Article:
The EU has given Cyprus and Malta a green light to join the common currency, enlarging the eurozone to 15 members.
On 16 May 2007, the Commission, backed by the European Central Bank (ECB) proposed to enlarge the eurozone, admitting Cyprus and Malta in 2008. The two countries managed to meet the necessary Maastricht requirements, concerning budget deficit, currency stability and interest-rate convergence.
Economic and Monetary Affairs Commissioner Joaquín Almunia said that both countries had reached a "high degree of economic convergence with the euro area".
By joining the common currency, Cyprus and Malta hope to boost tourism and foreign investments in their countries.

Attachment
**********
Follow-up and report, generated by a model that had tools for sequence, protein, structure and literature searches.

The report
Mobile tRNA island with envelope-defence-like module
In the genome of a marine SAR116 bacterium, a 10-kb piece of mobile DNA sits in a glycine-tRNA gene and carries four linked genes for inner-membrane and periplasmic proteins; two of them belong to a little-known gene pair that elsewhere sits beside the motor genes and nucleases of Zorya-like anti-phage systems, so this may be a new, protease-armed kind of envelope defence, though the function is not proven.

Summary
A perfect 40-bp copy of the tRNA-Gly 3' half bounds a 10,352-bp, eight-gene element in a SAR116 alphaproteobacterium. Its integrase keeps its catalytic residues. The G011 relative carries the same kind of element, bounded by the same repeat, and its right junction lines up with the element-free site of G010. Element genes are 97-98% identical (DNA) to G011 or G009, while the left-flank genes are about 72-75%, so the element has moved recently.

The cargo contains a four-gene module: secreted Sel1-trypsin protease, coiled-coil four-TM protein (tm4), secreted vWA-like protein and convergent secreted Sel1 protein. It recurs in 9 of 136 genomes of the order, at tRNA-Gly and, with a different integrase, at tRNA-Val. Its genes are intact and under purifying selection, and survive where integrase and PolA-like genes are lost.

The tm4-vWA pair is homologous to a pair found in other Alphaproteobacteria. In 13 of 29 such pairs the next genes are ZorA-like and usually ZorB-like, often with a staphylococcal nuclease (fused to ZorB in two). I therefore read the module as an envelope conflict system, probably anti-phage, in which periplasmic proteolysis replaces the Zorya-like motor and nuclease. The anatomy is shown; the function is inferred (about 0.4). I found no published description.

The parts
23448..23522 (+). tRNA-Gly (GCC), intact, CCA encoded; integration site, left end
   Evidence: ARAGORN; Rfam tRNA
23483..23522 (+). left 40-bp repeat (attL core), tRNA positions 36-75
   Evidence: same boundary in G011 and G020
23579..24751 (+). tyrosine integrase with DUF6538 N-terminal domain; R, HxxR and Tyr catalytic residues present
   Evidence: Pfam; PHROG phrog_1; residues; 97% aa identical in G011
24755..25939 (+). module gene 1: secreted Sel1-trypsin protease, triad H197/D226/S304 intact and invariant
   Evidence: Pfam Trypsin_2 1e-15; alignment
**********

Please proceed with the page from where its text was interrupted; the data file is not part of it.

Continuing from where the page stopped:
The final decision, however, rests with member states, which will decide whether to admit the two countries into the eurozone and fix exchange rates for the Cyprus pound and the Maltese lira on 9-10 July.
Slovenia was the first of the new member states, which joined in 2004, to join the euro, in 2007.
The Commission also recommended letting Germany, Greece and Malta off the hook, as the three countries managed to keep their budget deficit below the 3% ceiling.
Almunia stated: "Germany's correction of its deficit is very important for the creditability of the Stability and Growth Pact (SGP)." Germany had broken the stability pact for four consecutive years.
Currently there are still seven countries in excessive deficit procedure: the Czech Republic, Hungary, Poland, Slovakia and the UK, as well as eurozone members Italy and Portugal.